Sheep and Goats
Matthew 25:31-46

Matthew 25:31-46 — New Revised Standard Version

“When the Son of Man comes in his glory, and all the angels with him, then he will sit on the throne of his glory. All the nations will be gathered before him, and he will separate people one from another as a shepherd separates the sheep from the goats, and he will put the sheep at his right hand and the goats at the left. Then the king will say to those at his right hand, ‘Come, you that are blessed by my Father, inherit the kingdom prepared for you from the foundation of the world; for I was hungry and you gave me food, I was thirsty and you gave me something to drink, I was a stranger and you welcomed me, I was naked and you gave me clothing, I was sick and you took care of me, I was in prison and you visited me.’ Then the righteous will answer him, ‘Lord, when was it that we saw you hungry and gave you food, or thirsty and gave you something to drink? And when was it that we saw you a stranger and welcomed you, or naked and gave you clothing? And when was it that we saw you sick or in prison and visited you?’ And the king will answer them, ‘Truly I tell you, just as you did it to one of the least of these who are members of my family, you did it to me.’ Then he will say to those at his left hand, ‘You that are accursed, depart from me into the eternal fire prepared for the devil and his angels; for I was hungry and you gave me no food, I was thirsty and you gave me nothing to drink, I was a stranger and you did not welcome me, naked and you did not give me clothing, sick and in prison and you did not visit me.’ Then they also will answer, ‘Lord, when was it that we saw you hungry or thirsty or a stranger or naked or sick or in prison, and did not take care of you?’ Then he will answer them, ‘Truly I tell you, just as you did not do it to one of the least of these, you did not do it to me.’ And these will go away into eternal punishment, but the righteous into eternal life.”
# # #
The Chapter titles for this scripture are
either non-existent,
or they show the editor’s biases.
“The King Will Judge All People.”
“The Judgment.”
“Judgment of the Nations.”
“The Son of Man Will Judge All People.”
“The Final Judgment.”
“The Sheep and the Goats.”
The one I am most familiar with is,
The Judgment of the Nations.
Any way we consider it,
we are going to get judged,
and the implication
is that it will be a very harsh judgment.
I do not actually think that there is,
or can ever be,
any judgment at all —
by God, anyway.
If God demands
that we care for helpless and hopeless people,
how much more is God to care for us?
Still there is a judgment,
of sorts.
Not of nations,
or goats,
but in the lives
we create as a result of our actions,
a better way to say it is,
our quality of life
is determined by the choices we make.
I just read a short piece on
Fred Rogers of
Mr. Rogers Neighborhood.
You must remember the tune,
“It’s A Beautiful Day In The Neighborhood”?
He would suggest to his “television neighbors,”
that when they were frightened,
or when bad things happened,
to look for the “helpers,”
the caring people of the world.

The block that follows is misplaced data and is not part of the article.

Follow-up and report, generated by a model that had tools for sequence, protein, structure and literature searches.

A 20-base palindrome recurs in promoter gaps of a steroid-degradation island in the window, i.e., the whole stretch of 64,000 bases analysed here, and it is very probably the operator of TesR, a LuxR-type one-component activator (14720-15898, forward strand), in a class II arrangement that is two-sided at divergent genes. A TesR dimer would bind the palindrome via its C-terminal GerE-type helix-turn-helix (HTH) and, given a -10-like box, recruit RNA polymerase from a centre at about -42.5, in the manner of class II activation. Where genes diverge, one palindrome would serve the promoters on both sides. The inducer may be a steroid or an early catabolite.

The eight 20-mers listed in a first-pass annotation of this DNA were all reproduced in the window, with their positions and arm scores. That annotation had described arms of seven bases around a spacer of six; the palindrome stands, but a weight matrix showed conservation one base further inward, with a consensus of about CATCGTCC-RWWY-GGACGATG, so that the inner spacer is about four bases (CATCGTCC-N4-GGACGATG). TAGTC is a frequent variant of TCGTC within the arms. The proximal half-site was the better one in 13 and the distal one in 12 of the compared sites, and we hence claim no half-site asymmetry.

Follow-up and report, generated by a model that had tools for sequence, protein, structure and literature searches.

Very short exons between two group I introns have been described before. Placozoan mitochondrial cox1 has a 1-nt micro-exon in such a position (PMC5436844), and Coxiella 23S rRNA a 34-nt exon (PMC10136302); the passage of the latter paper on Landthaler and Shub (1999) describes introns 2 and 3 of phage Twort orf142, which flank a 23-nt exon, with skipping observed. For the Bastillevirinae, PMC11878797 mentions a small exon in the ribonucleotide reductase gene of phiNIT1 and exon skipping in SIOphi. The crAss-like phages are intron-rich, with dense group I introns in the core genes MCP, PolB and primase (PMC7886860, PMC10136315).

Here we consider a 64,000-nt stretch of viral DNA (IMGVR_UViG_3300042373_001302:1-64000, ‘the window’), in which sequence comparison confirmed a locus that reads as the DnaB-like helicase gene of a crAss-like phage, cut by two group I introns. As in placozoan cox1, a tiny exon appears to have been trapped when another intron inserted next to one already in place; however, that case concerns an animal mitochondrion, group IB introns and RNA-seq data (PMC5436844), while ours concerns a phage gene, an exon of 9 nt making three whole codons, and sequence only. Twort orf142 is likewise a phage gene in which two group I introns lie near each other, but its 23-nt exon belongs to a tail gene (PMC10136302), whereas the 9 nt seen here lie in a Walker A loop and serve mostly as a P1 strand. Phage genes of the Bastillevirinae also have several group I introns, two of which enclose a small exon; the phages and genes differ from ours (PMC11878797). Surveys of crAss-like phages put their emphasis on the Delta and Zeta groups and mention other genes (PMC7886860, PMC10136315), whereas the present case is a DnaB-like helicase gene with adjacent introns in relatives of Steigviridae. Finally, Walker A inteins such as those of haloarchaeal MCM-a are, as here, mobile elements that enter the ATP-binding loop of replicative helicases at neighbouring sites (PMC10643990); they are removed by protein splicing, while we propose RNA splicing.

But Fred Rogers was not just for little kiddos.
Just as the parable is about
teaching people
how to become good followers of Jesus,
Mr. Rogers was about
teaching children how to be good adults.
Are you a helper,
one of the caring people?”
This is what seems to be the meaning of the parable:
if we are going to be followers of Jesus,
we are to be helpers.
To me they are both the same.
It seems that a beautiful day
in the neighborhood
is also a beautiful day
on the path that follows Jesus.



Psalm 69:6The Message (MSG)
Don’t let those who look to you in hope
Be discouraged by what happens to me,
Dear Lord! GOD of the armies!
Don’t let those out looking for you
Come to a dead end by following me—
Please, dear God of Israel!

Being Hope to The World:
It doesn’t seem to matter what
you do for a living,
what church you belong to,
what your political affiliation is,
who you know or what you think of yourself.
What seems to matter
what seems to really count,
is that we find a way be Hope for the least of the least.
“Truly I tell you, whatever you did for one
of the least of these brothers and sisters of mine,
you did for me.”
The word “least,” here,
becomes a category meaning
not just me,
not just them,
not just you,
but all of us.
We are the least of us all,
in this context,
are Jesus.
We are the most needy who will show us the way.
We are the most wounded,
the craziest, most lost, the poorest,
the really scary,
the meanest bullies.
These are us?
This first week of Advent is about Hope.
How do we receive Hope?
How do we give Hope?
How do we be Hope?
How do we make Hope happen
in a world that desperately needs Hope
all the while doing everything in its power
to subvert any chance of it?
is our spiritual birthright.
is our inheritance.
is how things are, not how they appear.
I think it begins with an invitation we can offer.
Stop thinking hopeless.
Stop participating in conversations
that pander to hopelessness,
Start working for Hope.
Start speaking for Hope.
Vote for Hope.
Sing for Hope.
Dance for Hope.
Breathe for Hope.
Pray for Hope.
in the reality of Hope.
Really be
Hope for all.


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